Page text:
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TIP OF THE DAY: Dessert Stacks

Dessert stacks are easy to make. Photo
courtesy Filicori Zecchini.


Call it a dessert stack, a mock mille-feuille (Napoleon) or whatever you like: It’s a really easy way to serve an impressive and fun stacked dessert.

Graham crackers, pound cake and loaf cake, phyllo or wontonscan be used as the base, filled with bananas, berries, chocolate chips and other favorites.

Here’s all you have to do:

1. DECIDE on your base. You can bake your own shortbread or sugar cookies in an oblong shape (think of double graham crackers, before you break them at the perforation); or bake rectangles of pie or tart crust.

2. CHOOSE your filling: custard, pudding, sweetened ricotta and whipped cream are delicious, but yogurt does just fine. Check out the Méditérranée line from Liberté yogurt in wonderful fruit flavors. It tastes like cannoli filling to us. You can also mix preserves into plain or vanilla yogurt.


3. SELECT one or more fruits: berries, sliced bananas, kiwi, mandarin segments, etc. You can sauté the bananas in unsalted butter and brown sugar, for a Bananas Foster effect. Keep aside a berry or other piece of fruit to garnish the top.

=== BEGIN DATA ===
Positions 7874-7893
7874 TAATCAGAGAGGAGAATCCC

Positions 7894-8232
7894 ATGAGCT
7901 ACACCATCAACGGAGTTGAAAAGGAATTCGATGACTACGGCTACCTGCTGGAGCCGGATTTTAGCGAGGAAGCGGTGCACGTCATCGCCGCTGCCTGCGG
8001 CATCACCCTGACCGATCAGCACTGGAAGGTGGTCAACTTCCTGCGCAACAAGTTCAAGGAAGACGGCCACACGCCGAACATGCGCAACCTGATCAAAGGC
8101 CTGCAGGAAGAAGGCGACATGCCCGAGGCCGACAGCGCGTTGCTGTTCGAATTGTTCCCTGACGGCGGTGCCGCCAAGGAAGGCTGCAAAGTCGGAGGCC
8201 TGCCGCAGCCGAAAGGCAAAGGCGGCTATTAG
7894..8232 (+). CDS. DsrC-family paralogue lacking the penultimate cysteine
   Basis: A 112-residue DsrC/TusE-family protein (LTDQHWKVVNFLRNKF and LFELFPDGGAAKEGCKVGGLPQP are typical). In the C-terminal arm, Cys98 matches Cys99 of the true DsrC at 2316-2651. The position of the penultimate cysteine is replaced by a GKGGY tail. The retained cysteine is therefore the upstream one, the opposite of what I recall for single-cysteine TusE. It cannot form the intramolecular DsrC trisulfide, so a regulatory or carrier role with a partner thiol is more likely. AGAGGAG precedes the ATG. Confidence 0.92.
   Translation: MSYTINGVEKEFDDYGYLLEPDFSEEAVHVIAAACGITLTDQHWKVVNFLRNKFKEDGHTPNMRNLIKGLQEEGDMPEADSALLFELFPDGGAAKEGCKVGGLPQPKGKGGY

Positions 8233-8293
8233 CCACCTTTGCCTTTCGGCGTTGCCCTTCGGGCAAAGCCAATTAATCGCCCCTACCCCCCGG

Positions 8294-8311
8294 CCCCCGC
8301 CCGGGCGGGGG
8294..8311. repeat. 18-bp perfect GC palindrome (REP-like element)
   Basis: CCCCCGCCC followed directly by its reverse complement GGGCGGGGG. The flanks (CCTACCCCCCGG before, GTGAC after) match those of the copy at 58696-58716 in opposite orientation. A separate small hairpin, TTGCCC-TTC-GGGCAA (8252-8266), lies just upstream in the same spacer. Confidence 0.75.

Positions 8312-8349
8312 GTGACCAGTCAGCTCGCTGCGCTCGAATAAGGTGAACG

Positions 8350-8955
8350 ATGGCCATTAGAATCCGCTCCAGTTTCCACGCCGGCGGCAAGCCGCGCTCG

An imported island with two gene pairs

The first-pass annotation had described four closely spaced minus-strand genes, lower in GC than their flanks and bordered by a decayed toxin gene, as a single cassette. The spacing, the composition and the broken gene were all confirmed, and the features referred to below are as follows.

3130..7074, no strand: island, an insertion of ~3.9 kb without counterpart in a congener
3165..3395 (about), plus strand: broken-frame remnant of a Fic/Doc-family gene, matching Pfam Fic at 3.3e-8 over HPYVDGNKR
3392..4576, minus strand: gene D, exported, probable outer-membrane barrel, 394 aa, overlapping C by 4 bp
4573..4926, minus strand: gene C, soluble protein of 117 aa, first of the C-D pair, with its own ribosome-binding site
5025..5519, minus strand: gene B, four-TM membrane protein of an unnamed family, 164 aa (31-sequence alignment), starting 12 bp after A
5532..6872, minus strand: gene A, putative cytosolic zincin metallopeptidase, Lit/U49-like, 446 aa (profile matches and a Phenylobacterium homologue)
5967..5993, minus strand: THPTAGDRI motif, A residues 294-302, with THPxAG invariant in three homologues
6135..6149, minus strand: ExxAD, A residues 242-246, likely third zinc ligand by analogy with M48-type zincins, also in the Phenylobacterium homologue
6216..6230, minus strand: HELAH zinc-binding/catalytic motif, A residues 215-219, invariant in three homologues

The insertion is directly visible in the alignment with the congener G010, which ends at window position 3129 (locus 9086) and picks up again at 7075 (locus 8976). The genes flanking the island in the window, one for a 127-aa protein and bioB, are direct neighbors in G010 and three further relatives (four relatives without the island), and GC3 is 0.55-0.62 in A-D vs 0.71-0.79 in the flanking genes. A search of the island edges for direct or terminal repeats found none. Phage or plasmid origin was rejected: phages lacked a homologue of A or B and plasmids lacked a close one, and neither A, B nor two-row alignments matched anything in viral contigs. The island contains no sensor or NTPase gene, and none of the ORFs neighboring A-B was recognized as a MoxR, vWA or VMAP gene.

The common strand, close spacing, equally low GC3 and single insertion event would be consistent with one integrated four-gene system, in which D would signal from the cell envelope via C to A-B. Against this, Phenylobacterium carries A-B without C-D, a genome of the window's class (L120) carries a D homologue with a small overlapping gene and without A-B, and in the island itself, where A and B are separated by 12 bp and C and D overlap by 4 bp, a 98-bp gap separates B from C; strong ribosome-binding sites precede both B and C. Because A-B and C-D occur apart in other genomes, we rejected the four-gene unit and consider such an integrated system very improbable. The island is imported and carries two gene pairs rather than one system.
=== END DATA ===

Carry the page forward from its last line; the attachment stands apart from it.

4. PICK an optional second ingredient, like chocolate chips or coconut flakes, to add to the layers.

5. ASSEMBLE three layers of base and two layers of filling—right before serving, so the base doesn’t get soggy. You can serve orderly layers, like a Napoleon, or make them askew, as in the photo above. Garnish with an optional dusting of confectioners sugar and a piece of fruit. Option: sprinkle with confectioners sugar.




  • Nonstick cooking spray
  • 6 wonton wrappers per serving (two stacks per serving, three wontons per stack)

    1. PREHEAT oven to 350°F. Line a large baking sheet with foil; lightly coat with cooking spray.

    2. LAY wontons on the baking sheet; lightly coat with additional cooking spray.

    3. SPRINKLE lightly with sugar. Bake for 6 to 8 minutes or until golden brown and crisp. Remove from oven; cool.


    Double-stacked wontons. Photo courtesy Here’s the recipe.

    Also check out this recipe for dessert lasagne, made with lasagne noodles and fruit.


    Lasagne Vs. Lasagna

    The correct spelling is lasagne, the plural of the word. There are multiple lasagne (sheets of noodles) in the dish. Lasagna refers to a single sheet of noodles. In another American misuse of Italian, salame is the singular form; salami is plural.
    Mille-Feuille/Millefoglie Vs. Napoleon

    Pronounced meal-FWEE in French and MEE-lay FOAL-yay in Italian, meaning “a thousand leaves,” this pastry is made as three rectangular sheets of puff pastry (pâte feuilletée) spread with Bavarian cream, pastry cream, whipped cream, custard, jam or fruit purée, often dusted with confectioners sugar and cut into individual rectangular portions. When filled with custard and iced with chocolate, the pastry is called a Napoleon.

    The Napoleon was not named after France’s famous general and emperor, however. It is believed to be a corruption of the word “napolitain,” referring to a pastry made in the tradition of Naples, Italy (napolitano).


    Related Food Videos: For more food videos, check out The Nibble's Food Video Collection.

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